DG:  As an editor, my work as a literary citizen is twofold; I have responsibilities to the authors on our list and I have responsibilities to readers. I’m always thinking about our readers when I’m reviewing manuscripts that have come in through one of our contests or open reading periods. How will the manuscripts that we choose for publication serve them? Recently, for example, we’ve published a number of titles that specifically speak to current important conversations. The poetry collections The Truth Is by Avery M. Guess and Three Hands None by Denise Bergman (both forthcoming in the spring of 2019) focus unflinchingly on sexual violence against women. So does Parse by Ruth Baumann, due out this month; prey by Jeanann Verlee, published this summer; and The Missing Girl, by Jacqueline Doyle, published in 2017. Our recent list also includes a number of titles that grapple with issues of gender and sexuality–Past Lives, Future Bodies by Kristin Chang, Mosaic of the Dark by Lisa Dordal, The Summer She Was Under Water by Jen Michalski, Wasp Queen by Claudia Cortese, and With Animal by Carol Guess & Kelly Magee. Tornado Season by Courtney Craggett (due out next month) and Jillian in the Borderlands by Beth Alvarado (just acquired) are both short story collections squarely located at the US-Mexico border. And it Begins Like This by LaTanya McQueen, Blue Hallelujahs by Cynthia Manick, and Patient. by Bettina Judd, all illustrate and investigate the experiences of Black women in America.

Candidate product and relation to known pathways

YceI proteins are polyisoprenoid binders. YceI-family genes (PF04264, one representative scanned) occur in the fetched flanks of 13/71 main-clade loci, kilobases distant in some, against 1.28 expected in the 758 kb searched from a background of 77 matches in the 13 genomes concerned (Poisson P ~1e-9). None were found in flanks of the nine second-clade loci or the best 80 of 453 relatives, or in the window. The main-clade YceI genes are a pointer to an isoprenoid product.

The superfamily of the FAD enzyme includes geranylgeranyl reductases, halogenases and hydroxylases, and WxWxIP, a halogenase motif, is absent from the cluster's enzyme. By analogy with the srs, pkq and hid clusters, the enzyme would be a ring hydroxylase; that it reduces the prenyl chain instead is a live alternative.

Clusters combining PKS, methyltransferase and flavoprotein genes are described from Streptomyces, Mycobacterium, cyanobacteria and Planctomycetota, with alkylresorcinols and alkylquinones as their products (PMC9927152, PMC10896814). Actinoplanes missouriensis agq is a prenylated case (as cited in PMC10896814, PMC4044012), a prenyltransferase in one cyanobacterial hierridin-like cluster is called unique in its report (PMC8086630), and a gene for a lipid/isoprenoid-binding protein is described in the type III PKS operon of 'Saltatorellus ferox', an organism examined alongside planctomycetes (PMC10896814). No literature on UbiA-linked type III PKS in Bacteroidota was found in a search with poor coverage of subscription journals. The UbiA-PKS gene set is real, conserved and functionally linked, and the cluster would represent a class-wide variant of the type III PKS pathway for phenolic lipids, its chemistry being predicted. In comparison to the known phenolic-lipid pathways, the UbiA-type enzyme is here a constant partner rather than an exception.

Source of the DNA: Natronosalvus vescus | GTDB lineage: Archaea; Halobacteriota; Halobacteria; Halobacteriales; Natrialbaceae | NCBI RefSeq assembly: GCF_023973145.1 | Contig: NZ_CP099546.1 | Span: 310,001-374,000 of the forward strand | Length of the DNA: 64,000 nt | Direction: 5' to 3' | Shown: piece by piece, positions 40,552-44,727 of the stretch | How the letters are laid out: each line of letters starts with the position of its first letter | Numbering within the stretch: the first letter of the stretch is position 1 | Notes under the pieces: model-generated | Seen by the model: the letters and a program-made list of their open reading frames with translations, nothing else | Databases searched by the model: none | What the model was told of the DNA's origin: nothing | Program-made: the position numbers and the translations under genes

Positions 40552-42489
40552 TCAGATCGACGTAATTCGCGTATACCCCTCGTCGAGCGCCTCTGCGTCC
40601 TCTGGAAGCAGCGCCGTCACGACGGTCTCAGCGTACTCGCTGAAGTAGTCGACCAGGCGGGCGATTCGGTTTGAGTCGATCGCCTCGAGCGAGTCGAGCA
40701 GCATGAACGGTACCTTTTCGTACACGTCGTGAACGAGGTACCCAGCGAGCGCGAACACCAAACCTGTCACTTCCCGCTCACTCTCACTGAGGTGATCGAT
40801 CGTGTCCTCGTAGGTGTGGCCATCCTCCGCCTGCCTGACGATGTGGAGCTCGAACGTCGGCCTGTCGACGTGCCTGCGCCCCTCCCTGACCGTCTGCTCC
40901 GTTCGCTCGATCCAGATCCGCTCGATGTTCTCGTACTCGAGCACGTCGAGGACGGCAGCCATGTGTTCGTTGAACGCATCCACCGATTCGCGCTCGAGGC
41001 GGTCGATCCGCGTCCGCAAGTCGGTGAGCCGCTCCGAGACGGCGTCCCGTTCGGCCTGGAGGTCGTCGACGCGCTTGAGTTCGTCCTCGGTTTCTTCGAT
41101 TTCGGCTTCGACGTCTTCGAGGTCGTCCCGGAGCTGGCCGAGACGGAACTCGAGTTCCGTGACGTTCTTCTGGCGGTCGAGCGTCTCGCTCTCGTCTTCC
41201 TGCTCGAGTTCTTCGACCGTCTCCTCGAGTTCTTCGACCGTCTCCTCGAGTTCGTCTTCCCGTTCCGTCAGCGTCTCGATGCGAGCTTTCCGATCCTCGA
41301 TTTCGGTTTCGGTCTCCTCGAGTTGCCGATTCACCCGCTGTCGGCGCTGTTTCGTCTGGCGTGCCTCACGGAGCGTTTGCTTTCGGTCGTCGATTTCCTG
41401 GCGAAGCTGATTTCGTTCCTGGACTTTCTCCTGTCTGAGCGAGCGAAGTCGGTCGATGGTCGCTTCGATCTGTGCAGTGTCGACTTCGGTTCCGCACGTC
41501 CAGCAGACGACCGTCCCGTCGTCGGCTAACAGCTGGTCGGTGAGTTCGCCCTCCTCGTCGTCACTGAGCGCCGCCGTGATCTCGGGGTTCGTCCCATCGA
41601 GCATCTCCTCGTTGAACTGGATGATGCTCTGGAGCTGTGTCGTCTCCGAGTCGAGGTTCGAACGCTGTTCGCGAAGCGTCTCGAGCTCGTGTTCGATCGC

I believe that the titles on our list offer something useful, something readers will find valuable. As we do the work required to transform manuscripts into printed, bookshelf-ready objects, I focus on my responsibilities to our authors. The publishing process can be grueling. Countless drafts, followed by seemingly endless rejections finally give way to an editor somewhere saying yes. (Patrick Michael Finn wrote an incredible essay about this titled “Better Luck Placing This Elsewhere” which was published in BLP’s Sapling.) And then the real struggle begins–finding the right cover art, completing the last copy edits before the book goes out into the world, and finally marketing the finished book can all be incredibly daunting, especially for first-time authors. So, as an editor, I work hard to help our authors through all of these steps. With the help of our Chapbooks Editor, Kit Frick, I have written an extensive handbook that we provide to all of our authors. This handbook lays out our publishing process step-by-step and offers advice on a number of topics such soliciting blurbs, self-promotion, and post-publication competitions. My goal is to provide our authors with the resources they need to successfully bring their book into the world while also serving as an ally throughout the process.